Cliff House by Modscape // Australia
Cliff House by Modscape // Australia

Cliff House by Modscape // Australia
Cliff House by Modscape // Australia

Cliff House by Modscape // Australia
Cliff House by Modscape // Australia

Cliff House by Modscape // Australia
Cliff House by Modscape // Australia

Cliff House by Modscape // Australia
Cliff House by Modscape // Australia

Cliff House by Modscape // Australia
Cliff House by Modscape // Australia

Cliff House by Modscape // Australia
Cliff House by Modscape // Australia

Cliff House by Modscape // Australia
Cliff House by Modscape // Australia

Visionary architecture - In harmony with nature

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DERECO Impuls 1

Sustainability is no catchphrase – it implies a paradigm shift that affects all areas of life.
Visionary architects and innovative project developers understood this long ago. They have come up with completely new, modern and spectacular sustainable building concepts for living and working.

Houses that do not just stand somewhere in a natural setting but blend into it harmoniously are enjoying more and more popularity and attention. Renewable, sustainable materials for construction and fittings have been used increasingly for innovative house concepts. These houses have their own power and water supply systems. Concepts like this rely on material cycles similar to natural ones – up to 98% of input materials are recycled, no waste is produced (cradle-to-cradle approach). Direct interaction with nature is a clear focus; it’s all about creating things from Mother Nature’s force and beauty without harming her. Let us look at four spectacular house concepts: these houses were built in extraordinary harmony with nature. They hang, they’re engulfed or they float.

Rafflesia House by Zoka Zola
Zero-energy house in the tropics, Kuala Lumpur, Malaysia. Winner of the Bird Island Competition 2007.

This concept was developed for an international competition (topic: zero energy housing). The task was to create buildings that would function in harmony with the environment, consist of renewable/recyclable materials and have their own energy household and a closed water cycle. Rafflesia House is a perfect mix as it provides a connection with nature while at the same time offering shelter from it (plants, rain, animals, sun, wind, heat/cold). The energy required by the house is generated by a photovoltaic system covering 92% of the roof area. The house is adapted to its given location and the natural conditions it has to withstand. It’s higher on one side so the wind is deflected by open doors and windows. The air gap between the lower and upper roofs insulates the inside from heat.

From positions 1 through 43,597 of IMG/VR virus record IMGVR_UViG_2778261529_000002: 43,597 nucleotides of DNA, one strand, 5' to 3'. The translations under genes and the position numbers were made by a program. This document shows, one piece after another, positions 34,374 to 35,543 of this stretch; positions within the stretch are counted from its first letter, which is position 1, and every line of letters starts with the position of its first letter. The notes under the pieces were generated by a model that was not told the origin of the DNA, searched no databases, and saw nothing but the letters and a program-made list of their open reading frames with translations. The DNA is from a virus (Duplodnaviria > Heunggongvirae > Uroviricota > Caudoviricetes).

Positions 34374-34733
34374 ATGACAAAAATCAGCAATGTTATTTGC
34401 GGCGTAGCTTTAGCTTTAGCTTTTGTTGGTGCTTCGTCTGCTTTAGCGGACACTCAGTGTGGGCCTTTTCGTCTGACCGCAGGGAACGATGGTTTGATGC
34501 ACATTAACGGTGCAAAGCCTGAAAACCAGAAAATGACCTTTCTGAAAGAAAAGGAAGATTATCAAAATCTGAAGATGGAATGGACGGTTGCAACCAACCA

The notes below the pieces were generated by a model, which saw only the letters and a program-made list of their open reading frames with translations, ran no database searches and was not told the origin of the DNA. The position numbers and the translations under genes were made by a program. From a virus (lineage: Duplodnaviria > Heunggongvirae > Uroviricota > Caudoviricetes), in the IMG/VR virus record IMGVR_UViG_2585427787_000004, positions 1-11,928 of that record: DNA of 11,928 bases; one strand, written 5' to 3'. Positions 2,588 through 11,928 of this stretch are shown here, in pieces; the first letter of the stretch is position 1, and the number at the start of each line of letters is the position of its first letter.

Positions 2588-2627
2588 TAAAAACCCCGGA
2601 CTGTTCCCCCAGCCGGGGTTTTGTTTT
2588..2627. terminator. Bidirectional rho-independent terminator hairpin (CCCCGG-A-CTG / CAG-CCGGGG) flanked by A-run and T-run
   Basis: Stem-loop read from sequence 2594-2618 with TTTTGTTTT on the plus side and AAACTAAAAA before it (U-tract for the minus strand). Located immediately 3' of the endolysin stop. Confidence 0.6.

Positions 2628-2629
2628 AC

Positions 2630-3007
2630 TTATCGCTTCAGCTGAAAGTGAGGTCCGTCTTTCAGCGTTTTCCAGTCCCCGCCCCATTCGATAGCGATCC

Cliff House by Modscape
Australia, 2014

Cliff House is a theoretical answer by Modscape Concept to clients asking for construction concepts on extreme sites along the Australian coast. The house is built in such a way that it seems to cling to the rock like barnacles to a ship. Cliff House was intended to form a natural extension of the cliff and connect the building with the sea, the only vertical landside link being the entrance through the carport. A lift takes you to the lower four floors where a living room, kitchen, three bedrooms, bathrooms and a small spa (ground floor) and a small barbecue corner are located. Modscape’s work is based on four principles of sustainability: design, materials, system and operation. Their houses are built in line with sustainability principles such as minimal environmental impact (and minimal resource usage) and low operating costs (water recycling and rain water collection). A pleasant room climate is ensured throughout the year through passive cooling and heating.